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|Title:||When homebirth “goes wrong”: holistic mothers who end up giving birth in a Portuguese hospital|
|Publisher:||Centro em Rede de Investigação em Antropologia|
|Abstract:||The article is based on research about holistic mothering in contemporary Portugal. Holistic mothering is an umbrella term, used here to describe different mothering choices based on the assumption that pregnancy, birthing and early mothering are important spiritual experiences for the mother and the child, but also for the father. In Portugal, many holistic mothers choose homebirth and avoid what they perceive as excessive medicalization during hospital birth. Influenced by Davis-Floyd’s analysis of birth as an American rite of passage and her distinction between a technocratic and a wholistic model of birth, Portuguese holistic mothers conceptualize homebirth as a rebellious choice that subverts the predominant, biomedical model. The subversive aspects of homebirth are underscored by the fact that it exists in a legal void and is presented in the media and in popular discourse as a dangerous choice that poses an obstacle to the country’s modernization. Drawing on ethnographic data, I argue that the entrenchment of two opposing models, what Davis-Floyd calls the wholistic and the technocratic, is counter-productive and contributes to traumatic experiences for holistic mothers who choose homebirth but who end up hospitalized, and consequently targeted for critique by the medical establishment and the wider social environment, which originates a sense of guilt and/or inadequacy for not being able to follow-through with the birth at home.|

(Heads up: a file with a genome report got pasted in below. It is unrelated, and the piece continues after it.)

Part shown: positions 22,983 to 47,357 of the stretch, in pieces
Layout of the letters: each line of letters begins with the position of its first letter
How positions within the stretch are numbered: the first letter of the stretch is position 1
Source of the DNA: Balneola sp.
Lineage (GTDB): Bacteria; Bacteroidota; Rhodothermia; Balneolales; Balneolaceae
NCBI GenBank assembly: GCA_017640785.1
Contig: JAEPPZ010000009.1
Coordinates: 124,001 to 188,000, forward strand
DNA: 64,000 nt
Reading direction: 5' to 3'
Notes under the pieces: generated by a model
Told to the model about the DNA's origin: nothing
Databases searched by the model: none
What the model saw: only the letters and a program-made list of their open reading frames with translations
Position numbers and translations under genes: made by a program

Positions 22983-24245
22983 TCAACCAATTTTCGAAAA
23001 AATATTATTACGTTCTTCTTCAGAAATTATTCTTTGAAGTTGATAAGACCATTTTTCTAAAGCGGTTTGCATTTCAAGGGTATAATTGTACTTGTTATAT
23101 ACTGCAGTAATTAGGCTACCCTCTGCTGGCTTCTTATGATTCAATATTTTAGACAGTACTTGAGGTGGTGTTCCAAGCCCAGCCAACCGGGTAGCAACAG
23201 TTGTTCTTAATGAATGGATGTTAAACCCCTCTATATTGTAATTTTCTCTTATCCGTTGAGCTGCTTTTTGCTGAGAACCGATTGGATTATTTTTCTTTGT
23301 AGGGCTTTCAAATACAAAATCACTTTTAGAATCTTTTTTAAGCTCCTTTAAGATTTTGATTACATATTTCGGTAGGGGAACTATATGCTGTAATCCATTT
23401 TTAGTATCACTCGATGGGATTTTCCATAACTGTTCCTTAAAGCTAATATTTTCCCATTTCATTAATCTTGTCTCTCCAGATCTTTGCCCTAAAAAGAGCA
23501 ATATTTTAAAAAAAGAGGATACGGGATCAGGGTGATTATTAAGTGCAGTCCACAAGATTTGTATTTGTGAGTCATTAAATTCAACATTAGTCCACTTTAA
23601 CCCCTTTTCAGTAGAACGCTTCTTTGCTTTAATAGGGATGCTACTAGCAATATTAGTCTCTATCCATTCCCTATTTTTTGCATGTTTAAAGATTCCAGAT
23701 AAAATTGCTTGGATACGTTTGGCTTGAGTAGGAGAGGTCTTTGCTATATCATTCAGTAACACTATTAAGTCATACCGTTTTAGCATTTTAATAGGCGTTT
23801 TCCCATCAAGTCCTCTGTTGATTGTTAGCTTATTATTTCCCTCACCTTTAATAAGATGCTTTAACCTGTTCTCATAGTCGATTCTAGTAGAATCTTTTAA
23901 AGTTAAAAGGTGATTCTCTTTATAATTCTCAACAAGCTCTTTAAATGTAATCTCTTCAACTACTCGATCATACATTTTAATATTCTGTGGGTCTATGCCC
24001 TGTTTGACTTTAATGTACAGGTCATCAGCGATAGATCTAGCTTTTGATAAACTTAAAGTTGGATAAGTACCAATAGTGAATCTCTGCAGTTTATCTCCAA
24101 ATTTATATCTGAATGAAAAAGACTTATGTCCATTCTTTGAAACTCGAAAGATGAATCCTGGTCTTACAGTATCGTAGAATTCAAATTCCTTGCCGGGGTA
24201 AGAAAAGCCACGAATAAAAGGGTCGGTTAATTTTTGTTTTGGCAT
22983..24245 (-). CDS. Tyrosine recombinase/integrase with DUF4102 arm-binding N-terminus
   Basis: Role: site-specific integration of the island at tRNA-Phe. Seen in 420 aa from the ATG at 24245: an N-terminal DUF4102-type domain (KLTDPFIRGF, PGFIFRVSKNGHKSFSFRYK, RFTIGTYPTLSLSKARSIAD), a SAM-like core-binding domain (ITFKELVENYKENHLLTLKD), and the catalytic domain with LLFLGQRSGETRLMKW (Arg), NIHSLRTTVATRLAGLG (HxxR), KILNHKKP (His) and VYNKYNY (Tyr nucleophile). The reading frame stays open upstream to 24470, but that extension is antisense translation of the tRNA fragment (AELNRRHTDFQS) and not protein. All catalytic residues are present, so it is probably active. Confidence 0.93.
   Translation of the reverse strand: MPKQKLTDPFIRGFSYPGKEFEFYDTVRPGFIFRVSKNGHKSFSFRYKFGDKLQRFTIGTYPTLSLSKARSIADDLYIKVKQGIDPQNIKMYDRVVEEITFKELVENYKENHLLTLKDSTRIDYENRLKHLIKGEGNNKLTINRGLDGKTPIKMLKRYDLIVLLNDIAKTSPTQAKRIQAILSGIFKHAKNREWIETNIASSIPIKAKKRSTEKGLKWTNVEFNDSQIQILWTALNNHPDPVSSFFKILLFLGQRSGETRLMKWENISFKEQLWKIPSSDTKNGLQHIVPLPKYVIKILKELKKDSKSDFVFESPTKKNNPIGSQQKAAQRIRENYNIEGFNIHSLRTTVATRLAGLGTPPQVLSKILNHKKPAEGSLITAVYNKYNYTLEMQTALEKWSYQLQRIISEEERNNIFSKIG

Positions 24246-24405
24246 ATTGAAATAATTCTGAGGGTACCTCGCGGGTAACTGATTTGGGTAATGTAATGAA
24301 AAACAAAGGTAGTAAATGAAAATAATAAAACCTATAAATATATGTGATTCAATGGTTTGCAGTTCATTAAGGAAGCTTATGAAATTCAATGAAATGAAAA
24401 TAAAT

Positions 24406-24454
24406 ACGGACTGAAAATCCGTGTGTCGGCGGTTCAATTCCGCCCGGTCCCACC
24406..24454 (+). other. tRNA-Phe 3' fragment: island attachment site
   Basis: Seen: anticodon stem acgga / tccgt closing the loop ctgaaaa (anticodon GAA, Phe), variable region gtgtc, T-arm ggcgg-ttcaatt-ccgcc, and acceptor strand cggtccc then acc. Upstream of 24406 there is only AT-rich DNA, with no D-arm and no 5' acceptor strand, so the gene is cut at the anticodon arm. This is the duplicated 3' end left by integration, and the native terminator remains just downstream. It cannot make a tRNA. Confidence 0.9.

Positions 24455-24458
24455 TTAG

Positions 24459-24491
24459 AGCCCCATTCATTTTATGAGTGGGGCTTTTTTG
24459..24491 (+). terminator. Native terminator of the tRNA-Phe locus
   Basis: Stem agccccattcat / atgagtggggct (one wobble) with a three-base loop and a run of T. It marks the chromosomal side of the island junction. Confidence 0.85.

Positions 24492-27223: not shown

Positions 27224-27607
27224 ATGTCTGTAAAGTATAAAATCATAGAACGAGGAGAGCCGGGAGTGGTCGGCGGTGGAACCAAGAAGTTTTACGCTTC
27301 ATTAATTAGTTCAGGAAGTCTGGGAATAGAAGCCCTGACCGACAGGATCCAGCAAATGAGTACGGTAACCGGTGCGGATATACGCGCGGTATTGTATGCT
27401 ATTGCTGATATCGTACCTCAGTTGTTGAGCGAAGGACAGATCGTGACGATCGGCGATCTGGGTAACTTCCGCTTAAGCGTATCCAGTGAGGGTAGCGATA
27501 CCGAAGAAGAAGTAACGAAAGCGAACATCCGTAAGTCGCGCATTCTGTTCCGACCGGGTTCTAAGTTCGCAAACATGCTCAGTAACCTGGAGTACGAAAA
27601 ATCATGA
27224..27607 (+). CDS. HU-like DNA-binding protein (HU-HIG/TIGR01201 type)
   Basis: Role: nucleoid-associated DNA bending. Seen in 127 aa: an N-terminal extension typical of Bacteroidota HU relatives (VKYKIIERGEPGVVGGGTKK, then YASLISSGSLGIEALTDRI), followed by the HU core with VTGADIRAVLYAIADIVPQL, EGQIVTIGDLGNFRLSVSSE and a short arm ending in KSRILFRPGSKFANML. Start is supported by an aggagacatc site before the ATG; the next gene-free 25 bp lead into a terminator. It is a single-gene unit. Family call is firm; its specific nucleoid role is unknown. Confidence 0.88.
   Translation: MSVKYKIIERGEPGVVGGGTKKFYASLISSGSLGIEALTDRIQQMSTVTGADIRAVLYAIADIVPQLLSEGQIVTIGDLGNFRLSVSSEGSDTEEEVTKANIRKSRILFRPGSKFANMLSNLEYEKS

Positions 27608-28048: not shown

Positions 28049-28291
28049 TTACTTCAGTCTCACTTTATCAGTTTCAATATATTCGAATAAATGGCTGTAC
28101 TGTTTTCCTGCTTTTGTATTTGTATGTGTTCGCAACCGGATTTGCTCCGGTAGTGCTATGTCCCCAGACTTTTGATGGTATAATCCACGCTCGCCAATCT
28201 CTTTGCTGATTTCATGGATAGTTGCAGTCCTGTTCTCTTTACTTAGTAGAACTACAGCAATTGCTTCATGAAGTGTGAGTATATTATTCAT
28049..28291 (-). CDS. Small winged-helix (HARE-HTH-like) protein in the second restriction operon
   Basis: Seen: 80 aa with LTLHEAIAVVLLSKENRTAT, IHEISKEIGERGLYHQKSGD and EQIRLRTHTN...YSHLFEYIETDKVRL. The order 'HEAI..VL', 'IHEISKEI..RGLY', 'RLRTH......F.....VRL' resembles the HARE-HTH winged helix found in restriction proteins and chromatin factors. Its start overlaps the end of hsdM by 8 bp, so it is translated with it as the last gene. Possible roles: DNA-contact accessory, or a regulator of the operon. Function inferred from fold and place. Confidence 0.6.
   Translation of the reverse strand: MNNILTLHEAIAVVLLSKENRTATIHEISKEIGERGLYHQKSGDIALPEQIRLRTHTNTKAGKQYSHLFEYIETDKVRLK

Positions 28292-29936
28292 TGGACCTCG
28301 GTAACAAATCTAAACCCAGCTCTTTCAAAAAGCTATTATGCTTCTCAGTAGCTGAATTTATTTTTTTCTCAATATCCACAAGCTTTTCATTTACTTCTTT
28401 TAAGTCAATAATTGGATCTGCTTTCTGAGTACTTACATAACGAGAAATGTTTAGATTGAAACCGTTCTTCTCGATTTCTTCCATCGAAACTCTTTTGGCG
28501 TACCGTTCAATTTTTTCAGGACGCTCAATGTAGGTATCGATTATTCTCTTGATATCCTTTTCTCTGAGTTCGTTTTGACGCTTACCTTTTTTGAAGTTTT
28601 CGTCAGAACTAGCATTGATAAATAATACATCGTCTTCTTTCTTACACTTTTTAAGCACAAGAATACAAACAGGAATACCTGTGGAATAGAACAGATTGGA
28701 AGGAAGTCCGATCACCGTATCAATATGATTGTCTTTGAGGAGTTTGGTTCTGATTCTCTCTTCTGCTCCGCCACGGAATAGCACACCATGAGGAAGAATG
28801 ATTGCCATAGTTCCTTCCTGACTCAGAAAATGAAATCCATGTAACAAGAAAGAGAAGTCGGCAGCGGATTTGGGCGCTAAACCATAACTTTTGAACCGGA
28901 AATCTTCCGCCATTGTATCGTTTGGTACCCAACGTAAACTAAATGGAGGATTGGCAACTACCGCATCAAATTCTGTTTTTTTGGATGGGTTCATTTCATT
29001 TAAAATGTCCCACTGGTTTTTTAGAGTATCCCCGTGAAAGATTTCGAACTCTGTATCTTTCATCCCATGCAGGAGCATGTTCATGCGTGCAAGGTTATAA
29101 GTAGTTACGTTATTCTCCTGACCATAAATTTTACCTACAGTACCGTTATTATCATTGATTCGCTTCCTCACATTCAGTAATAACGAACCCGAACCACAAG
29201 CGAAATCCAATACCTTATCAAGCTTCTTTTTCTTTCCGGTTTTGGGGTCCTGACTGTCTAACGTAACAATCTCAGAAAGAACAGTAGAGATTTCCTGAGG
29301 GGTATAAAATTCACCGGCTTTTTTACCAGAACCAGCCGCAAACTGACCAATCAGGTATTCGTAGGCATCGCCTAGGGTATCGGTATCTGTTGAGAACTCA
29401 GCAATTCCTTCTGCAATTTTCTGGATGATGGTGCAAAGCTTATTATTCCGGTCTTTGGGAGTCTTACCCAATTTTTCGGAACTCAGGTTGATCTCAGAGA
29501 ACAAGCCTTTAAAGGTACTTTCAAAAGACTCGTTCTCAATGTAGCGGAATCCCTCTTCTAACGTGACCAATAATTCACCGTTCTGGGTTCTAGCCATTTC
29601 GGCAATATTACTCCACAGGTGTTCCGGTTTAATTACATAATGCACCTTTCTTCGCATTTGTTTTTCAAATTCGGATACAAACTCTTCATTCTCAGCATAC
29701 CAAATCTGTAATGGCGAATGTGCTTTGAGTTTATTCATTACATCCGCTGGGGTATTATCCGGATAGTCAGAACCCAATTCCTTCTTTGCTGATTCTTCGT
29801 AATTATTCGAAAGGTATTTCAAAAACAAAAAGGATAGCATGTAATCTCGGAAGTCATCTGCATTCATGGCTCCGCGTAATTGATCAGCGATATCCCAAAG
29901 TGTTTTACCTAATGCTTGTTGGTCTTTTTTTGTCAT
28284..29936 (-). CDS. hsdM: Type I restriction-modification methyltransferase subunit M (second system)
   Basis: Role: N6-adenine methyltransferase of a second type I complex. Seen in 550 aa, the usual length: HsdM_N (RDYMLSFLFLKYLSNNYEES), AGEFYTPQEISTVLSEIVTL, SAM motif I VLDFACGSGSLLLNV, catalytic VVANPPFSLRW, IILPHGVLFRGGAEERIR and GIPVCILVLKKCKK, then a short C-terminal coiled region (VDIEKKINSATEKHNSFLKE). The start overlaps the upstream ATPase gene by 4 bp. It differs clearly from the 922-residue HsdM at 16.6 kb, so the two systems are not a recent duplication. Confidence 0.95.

|Appears in Collections:||CRIA-RN - Artigos em revistas científicas nacionais com arbitragem científica|
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